Pickling is a preservation process for mushrooms. Lactic acid or vinegar is added directly the mushrooms you wish to preserve. A good method is bringing a couple of cups of white vinegar, a tablespoon of salt, peppercorns, garlic and bay leaves to a boil and then add whole petite mushrooms or quartered mushrooms. Gently boil the mixture for about 8-10 minutes. Spoon the mushrooms into hot sterilized jars. Pour in a few tablespoons of good quality olive oil, put the cap on the jar, and gently shake to make sure that everything is covered in oil. Keep refrigerated.

Are great as appetizers or side dishes. Put them out at parties, events, and get togethers.

- You can use any variety of mushroom, but whites, browns, shiitake and oysters response the best and produce a great flavour.
- Very easy process to do at home.

- You have to be very careful when planning on keeping pickled mushrooms for a long period of time. Improper techniques and acid balance could lead to Botulism or other serious food poisoning.
- Should use the pickled mushrooms within a week.

Thursday, August 9, 2007

Add more mushrooms to everyday meals

Add more mushrooms to everyday meals

(Jul 11, 2007)

(CP) - Tasty and versatile, mushrooms add vitamins and nutrients to your favourite dishes -- with almost no calories, fat or sodium

Including fresh mushrooms in everyday meals is a great way to boost vitamin intake while adding virtually no calories, fat or sodium. Tossing some sliced mushrooms into green salads, soups, stews, stir-fries and omelettes as well as pasta and rice dishes is easy and quick.

Grilling a whole portobello mushroom makes a tasty low-fat "burger'' and sautéed fresh mushrooms lend a savoury depth of flavour to chicken, beef and fish.

Here are two grilling recipes from Mushrooms Canada that can be ready in minutes -- all with mushrooms in their ingredient list.


45 ml (3 tbsp.) olive oil
2 cloves garlic, crushed
4 large fresh portobello mushroom caps
4 whole-wheat pita breads (each 15 to 18 cm/6 to 7 inch)
75 ml (1/3 cup) sun-dried tomato pesto
1 l (4 cups) baby spinach or arugula leaves
125 ml (1/2 cup) shaved Parmesan or Romano cheese
Freshly ground black pepper

1. In a small bowl, whisk together oil and garlic; lightly brush mushrooms on both sides with garlic oil. Grill mushrooms on high heat for 2 to 3 minutes per side or until mushrooms are slightly softened.
2. Meanwhile, place pitas on barbecue grill over high heat and cook for 2 minutes on one side or until warmed through. Remove to a tray or cutting board and spread softer side with tomato pesto. Top with spinach, and then warm mushrooms, stem side up. Return to barbecue and cook for 2 to 3 minutes longer or until slightly crisp. Garnish with Parmesan. Cut in halves or quarters and serve immediately. Add pepper to taste.

Makes 4 servings.

Per serving: 370 calories, 16 g protein, 18 g fat, 41 g carbohydrates, 7 g fibre.

Note: If mushrooms are too large for the pita, thickly slice mushrooms on a cutting board and place on top of spinach. Thinner pitas will crisp better than thicker ones.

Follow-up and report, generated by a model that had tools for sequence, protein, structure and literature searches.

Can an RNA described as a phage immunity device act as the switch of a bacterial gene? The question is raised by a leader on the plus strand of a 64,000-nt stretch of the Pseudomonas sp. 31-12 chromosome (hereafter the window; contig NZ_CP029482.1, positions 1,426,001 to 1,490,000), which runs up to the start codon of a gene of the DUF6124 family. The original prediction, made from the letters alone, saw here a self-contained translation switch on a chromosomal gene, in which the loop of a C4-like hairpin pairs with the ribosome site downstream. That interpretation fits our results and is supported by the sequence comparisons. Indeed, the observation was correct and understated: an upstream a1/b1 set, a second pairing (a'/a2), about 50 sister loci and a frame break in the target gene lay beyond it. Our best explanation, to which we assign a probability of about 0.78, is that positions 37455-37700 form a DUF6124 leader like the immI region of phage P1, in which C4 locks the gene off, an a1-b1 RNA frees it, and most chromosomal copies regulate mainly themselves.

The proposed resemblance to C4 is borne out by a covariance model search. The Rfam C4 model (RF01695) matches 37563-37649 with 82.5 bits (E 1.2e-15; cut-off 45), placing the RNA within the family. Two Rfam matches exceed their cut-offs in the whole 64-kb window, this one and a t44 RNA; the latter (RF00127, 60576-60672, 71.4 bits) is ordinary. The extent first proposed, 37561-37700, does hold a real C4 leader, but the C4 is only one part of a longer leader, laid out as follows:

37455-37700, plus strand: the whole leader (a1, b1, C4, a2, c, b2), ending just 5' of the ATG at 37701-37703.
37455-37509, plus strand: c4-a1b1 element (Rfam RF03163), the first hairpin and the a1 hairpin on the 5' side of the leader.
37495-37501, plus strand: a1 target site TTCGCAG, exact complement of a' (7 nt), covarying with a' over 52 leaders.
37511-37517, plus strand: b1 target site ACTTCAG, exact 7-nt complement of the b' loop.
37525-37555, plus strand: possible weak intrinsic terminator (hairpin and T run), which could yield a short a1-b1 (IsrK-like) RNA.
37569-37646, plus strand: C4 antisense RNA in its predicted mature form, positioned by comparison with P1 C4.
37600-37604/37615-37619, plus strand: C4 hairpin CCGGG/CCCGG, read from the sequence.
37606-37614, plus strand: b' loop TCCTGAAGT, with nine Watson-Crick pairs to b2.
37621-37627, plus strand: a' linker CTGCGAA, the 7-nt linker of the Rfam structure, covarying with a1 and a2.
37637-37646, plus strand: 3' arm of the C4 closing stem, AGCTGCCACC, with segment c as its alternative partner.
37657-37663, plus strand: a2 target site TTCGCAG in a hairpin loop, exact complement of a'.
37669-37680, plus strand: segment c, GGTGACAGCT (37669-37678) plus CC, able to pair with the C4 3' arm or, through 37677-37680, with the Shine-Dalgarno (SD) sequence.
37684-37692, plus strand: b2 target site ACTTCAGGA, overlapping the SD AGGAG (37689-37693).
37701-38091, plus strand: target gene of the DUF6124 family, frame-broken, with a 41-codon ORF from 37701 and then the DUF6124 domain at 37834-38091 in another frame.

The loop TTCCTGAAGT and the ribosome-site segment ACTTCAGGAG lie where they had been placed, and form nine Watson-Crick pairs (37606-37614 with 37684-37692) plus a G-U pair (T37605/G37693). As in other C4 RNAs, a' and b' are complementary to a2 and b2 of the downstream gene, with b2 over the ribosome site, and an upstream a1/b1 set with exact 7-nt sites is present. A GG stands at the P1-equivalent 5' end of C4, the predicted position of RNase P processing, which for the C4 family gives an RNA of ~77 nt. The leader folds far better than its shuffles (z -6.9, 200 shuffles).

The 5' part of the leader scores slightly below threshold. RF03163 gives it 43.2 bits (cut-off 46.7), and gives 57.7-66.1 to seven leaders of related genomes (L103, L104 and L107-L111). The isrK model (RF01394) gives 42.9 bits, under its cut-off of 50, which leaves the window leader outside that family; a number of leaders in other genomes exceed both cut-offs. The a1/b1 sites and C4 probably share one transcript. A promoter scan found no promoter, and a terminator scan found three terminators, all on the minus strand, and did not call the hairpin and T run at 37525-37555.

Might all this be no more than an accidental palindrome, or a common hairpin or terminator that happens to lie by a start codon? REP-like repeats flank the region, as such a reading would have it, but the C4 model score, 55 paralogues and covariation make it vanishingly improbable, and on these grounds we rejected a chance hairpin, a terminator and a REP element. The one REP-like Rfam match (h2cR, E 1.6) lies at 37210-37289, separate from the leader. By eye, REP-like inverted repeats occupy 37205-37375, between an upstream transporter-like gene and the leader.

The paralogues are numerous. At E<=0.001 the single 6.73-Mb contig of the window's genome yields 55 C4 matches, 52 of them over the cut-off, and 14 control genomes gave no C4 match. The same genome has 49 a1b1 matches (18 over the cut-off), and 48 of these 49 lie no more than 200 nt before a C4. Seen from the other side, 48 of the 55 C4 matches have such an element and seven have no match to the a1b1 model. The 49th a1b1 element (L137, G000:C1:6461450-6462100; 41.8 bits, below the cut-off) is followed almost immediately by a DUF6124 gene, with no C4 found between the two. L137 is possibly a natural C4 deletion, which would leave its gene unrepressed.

Wine match: Pinot Noir or Cabernet Franc.

15 ml (1 tbsp.) olive oil
250 g (8 oz) fresh mushrooms
1 large clove garlic, crushed
5 ml (1 tsp.) dried basil leaves
500 ml (2 cups) grated old cheddar cheese
125 ml (1/2 cup) chopped oil-packed sun-dried tomatoes, drained
4 oval panini rolls (about 10 cm/4 inches), halved
250 ml (1 cup) baby spinach leaves

1. In a medium frying pan, heat oil over medium-high heat; add mushrooms and cook, stirring occasionally, for 3 minutes or until just until starting to brown. Stir in garlic and basil; cook for 1 minute. Remove from heat and set aside.
2. In a small bowl, mix cheese and tomatoes; spread evenly on bottom half of each roll. Arrange mushrooms, then spinach, evenly on top of cheese. Top with the other half of the roll and press firmly.
3. Place in a preheated sandwich grill (according to manufacturer's directions) and cook for about 8 minutes or until lightly browned and cheese has melted. Cut sandwiches in half and serve.

Makes 4 servings.

Per serving: 484 calories, 22 g protein, 27 g fat, 40 g carbohydrates, 3.4 g fibre.

Note: If sandwich grill is not available, heat a well-seasoned ridged grill pan or a non-stick skillet over medium heat. Place sandwiches in pan and place another heatproof pan or skillet on top of sandwiches; weight down with canned goods and cook for 3 to 4 minutes or until lightly browned. Turn panini over and repeat on other side. Lower heat after sandwich is browned to melt cheese.

Tip: Substitute other crusty rolls or kaiser buns for panini rolls or use 8 slices French, Italian or sourdough bread cut 1 cm (1/2 inch) thick .
Variation: Substitute 125 ml (1/2 cup) softened goat cheese (about 125 g/4 oz) for cheddar and baby arugula leaves for spinach.

Wine match: New Zealand Sauvignon Blanc.

Recent research has found that mushrooms contain a powerful antioxidant called l-ergothioneine. Here are some facts on this antioxidant:

- Ergothioneine has shown antioxidant properties as a scavenger of strong oxidants.
Antioxidant activity is enhanced by the presence of selenium, which helps to prevent cell damage caused by free radicals within the body.

- A 125-ml (1/2-cup) serving of cooked sliced white mushrooms provides 13 per cent of the daily needs for selenium.

- Portobello and cremini mushrooms have substantial amounts of ergothioneine, followed closely by white mushrooms.